E-portfolios have gone mainstream, required in schools and expected in careers. While in some instances a platform is provided, the ease of using content management systems like WordPress or Wix puts an effective and free e-portfolio in reach of everyone. You can even use Google Sites.
But having an e-portfolio and having a good one are two different things. Here are some things you need to know:
1. You may (will) need more than one.
Because they are easy to make, and because they have so many places where they might help, you should now expect over the course of a career to have several. You might have a learning portfolio for an educational program, a professional one for career advancement, a temporary one for a promotion. Or for a project. You might need a different portfolio to represent different career paths or skill sets.
Depending on the circumstance, the e-portfolio may have dozens of pages, or it might have just one. The possibilities are endless, and the applications should be tailored. So any time you spend learning how to create an effective and attractive portfolio is time well spent.
2. Since you need more than one, you need a system for collecting and organizing your best work.
Creating portfolios for different needs requires you to have a well-curated collection of your best work. Find a place to organize and store digital files—and then pull out the ones you need for the portfolio at hand. Learning to collect, tag, and even name your files is an important skill, one that will serve you time and time again when you need the perfect example to demonstrate your competence, judgment or creativity. In can be a database, or a file structure, but you need a system that makes sense to you and grows as you do.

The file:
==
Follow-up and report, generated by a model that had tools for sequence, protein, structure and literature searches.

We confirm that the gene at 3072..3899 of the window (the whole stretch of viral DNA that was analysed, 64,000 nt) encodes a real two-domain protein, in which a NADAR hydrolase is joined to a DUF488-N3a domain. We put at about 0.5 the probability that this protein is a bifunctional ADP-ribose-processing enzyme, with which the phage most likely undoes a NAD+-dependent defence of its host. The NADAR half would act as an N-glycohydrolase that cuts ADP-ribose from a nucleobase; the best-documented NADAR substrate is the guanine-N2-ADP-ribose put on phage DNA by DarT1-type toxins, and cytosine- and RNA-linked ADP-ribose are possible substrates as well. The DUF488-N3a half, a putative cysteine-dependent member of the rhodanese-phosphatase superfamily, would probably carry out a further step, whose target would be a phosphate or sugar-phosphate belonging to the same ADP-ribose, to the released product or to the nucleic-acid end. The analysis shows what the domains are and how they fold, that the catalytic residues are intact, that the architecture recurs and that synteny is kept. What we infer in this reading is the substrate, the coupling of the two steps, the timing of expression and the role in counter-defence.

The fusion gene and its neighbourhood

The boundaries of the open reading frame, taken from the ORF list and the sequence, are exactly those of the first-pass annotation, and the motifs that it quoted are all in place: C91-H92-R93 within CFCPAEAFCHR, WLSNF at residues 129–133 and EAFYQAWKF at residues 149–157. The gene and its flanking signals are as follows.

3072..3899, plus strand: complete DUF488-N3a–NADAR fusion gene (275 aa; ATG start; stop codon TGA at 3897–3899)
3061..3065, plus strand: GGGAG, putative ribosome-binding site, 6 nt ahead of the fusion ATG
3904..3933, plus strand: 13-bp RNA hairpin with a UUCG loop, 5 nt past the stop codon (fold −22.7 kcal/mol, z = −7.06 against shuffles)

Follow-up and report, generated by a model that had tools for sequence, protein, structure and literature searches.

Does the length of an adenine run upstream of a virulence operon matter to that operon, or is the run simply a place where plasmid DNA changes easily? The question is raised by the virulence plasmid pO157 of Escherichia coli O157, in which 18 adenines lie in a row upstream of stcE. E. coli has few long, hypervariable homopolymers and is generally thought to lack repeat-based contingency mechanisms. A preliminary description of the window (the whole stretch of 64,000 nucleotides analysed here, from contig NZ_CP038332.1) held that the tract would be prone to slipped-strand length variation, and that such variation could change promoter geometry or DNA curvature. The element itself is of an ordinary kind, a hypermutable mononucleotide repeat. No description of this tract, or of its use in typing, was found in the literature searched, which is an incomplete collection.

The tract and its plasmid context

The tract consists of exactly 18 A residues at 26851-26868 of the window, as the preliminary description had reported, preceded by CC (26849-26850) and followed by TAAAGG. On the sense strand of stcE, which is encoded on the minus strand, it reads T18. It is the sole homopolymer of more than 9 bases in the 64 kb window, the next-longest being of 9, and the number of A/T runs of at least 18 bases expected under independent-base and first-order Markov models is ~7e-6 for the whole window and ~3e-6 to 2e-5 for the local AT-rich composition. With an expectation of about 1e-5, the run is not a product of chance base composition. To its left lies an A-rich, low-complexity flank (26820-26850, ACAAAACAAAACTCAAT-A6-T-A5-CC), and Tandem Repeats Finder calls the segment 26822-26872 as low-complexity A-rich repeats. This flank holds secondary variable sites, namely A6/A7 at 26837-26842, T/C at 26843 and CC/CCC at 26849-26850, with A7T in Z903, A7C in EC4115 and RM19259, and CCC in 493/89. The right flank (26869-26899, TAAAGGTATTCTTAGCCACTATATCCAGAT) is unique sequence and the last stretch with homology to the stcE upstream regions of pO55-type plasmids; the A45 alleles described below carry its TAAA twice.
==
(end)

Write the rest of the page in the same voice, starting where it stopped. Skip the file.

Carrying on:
3. Every artifact requires a context. Every client requires an outcome.
One thing often missing is the context of the artifacts you collect and present. Learn to briefly and thoughtfully explain what you were doing or thinking, why you were doing the work, and what happened because you did it. If it was work for a client, what was their reaction? Testimonials are good. But more importantly, what happened because you did this? Outcomes, especially ones that can be quantified, are better than testimonials. As you are collecting the things you made, be sure to collect evidence of their impact.
4. Nobody cares that you wrote a paper or made a PowerPoint.